Watercolor Painting Best Practices
I now have my own range of watercolor painting brushes and while going through the process of choosing their design, fond memories came flooding back to me from my time living and studying art in China. There I was fortunate enough to meet a wonderful artist from Shanghai who taught me all she could about Chinese brushwork.
|I needed a fine Kolinsky sable brush that would load well with color, release well to flow, and curve or move freely over paper, but I also wanted a round brush with a good point for my Asian influenced brushstrokes. All in one brush! Jean Haines watercolor painting brushes available from Rosemary & Co.|
Under my mentor's guidance in Asia, my watercolor art improved and the way I paint today is very much from her having given me such a sound foundation as to how I use and move my brushes. I also gained many bruises on the back of my hands because if I didn't hold my brushes correctly I would get a rap from a bamboo stick to reinforce what she was telling me to do. How many teachers today could do that to get their point across?
Friends at the time thought I was crazy to put up with such treatment but they had no idea how much I was learning. I smile when I think of my studies because I felt like very much like the character in the Karate Kid movies. Learning from my master was not always easy, nor were her teaching methods what I would have expected when learning how to paint. But now I can instinctively move my arms correctly to gain movement and visual excitement in my work. I can also use any size brush and gain a million brush marks from it purely by the angle it is held and by the pressure used to release color.
Asian influenced brushwork creating beautiful carnations in a simple composition.
Things I once took for granted in my work I now consider carefully. Mainly because now I know what will happen with brush marks and that knowledge helps me make my watercolors interesting and successful.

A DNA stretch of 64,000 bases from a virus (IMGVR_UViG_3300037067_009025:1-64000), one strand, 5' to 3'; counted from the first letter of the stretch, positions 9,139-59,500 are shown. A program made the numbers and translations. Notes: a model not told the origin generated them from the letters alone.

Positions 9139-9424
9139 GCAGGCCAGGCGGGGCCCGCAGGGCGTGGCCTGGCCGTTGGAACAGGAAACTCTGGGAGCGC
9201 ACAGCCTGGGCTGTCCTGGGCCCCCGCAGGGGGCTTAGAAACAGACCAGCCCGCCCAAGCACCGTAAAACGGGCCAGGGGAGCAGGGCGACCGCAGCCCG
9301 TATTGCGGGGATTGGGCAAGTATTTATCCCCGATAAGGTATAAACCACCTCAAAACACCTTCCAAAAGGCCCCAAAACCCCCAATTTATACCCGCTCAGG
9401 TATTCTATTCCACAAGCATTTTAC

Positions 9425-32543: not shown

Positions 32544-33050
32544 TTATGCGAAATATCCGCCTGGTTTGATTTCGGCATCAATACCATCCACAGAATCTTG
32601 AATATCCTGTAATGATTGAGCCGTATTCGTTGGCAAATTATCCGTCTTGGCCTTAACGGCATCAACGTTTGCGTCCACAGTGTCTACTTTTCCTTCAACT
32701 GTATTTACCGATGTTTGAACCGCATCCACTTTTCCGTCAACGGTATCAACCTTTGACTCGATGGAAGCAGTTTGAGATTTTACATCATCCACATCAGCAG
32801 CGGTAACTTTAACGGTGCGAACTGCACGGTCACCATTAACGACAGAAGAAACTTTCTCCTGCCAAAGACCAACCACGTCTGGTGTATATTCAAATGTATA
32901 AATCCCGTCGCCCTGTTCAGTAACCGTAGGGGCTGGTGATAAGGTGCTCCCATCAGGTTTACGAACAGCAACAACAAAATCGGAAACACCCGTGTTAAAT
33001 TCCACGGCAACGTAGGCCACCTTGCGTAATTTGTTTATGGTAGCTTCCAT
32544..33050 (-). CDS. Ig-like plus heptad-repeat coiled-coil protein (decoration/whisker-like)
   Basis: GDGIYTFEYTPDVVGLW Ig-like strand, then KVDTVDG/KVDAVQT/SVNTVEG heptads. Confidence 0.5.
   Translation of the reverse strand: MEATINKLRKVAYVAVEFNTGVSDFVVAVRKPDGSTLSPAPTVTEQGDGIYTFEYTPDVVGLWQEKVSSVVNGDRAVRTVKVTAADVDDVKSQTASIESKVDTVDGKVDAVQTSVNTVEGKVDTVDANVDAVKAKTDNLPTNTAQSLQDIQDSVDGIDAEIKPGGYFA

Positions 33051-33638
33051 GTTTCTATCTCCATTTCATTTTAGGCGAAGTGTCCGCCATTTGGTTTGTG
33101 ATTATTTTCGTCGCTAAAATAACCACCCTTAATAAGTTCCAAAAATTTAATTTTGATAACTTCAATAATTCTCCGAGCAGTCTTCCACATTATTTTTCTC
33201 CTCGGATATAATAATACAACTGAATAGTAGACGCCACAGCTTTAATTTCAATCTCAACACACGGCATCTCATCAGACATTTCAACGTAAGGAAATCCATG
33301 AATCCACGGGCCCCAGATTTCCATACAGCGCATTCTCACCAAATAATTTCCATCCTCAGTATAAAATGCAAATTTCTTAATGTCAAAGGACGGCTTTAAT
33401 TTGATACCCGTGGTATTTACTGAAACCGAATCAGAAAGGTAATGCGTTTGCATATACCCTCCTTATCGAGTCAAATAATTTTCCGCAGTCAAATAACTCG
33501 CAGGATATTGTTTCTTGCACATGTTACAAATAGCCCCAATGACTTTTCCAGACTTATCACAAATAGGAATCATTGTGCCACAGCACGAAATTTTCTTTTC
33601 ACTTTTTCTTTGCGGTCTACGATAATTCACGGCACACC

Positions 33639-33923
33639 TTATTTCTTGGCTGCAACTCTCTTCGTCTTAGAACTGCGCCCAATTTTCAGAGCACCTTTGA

|Holding my brush near the sable
at an angle for fine detail work.
Holding my brush at the correct angle helps me to gain curved or straight lines but I use my whole arm in larger marks, not just my wrist or hand, which I often see Western artists doing!
My mentor also taught me to close my eyes and see what I was painting long before I picked up my brushes. And if the subject happens to move? In that case, use soft flowing brushwork with more water added to the pigment. If a subject didn't move? Use stronger pigment and more pressure when applying color.
When and where my brush leaves the paper makes a huge difference to my results. It is vital to know what will happen to the pigment when removing the point from a wet section.
Most importantly, my master taught me to always hold my brush in the right place, which is the furthest end for movement and near the sable for detail. Her voice still plays in my mind when I work. I can hear her say, "Why you stand up your brush?" She would remind me of this if the brush was supposed to be laying down at an angle for depicting a branch or twig mark of a tree.
Lifting and removing my brush at the right time creates watermarks that I can later use to add brickwork effects for an old canal bridge.
Some memories stay with you for a lifetime and good lessons always play a huge part in your success. I will never forget studying brushwork in China but I am often amazed at how little time new artists take to understand how brushes move–how they feel and react with different pressure on paper. How easily the load or don't load with pigments and vary in release of color by timing of application.
|A collection of my
For an experiment, try placing a dry watercolor brush on the back of your hand. I was taught that if you can feel it, you are using far too much pressure on your paper when you paint. Keep placing this dry brush on the back of your hand until you feel a slight whisper of sable. Then paint with that whisper and notice how your colors sing because you haven't pressed them onto a surface. Instead you have given them permission to shine.
All this thanks to a little lady who taught me so much. Happy painting and take a second look at how you hold and use your watercolor brushes!
Jean is the author of Atmospheric Watercolour, released in May 2012. Full details of Jean's brush sets and new book are available on her website.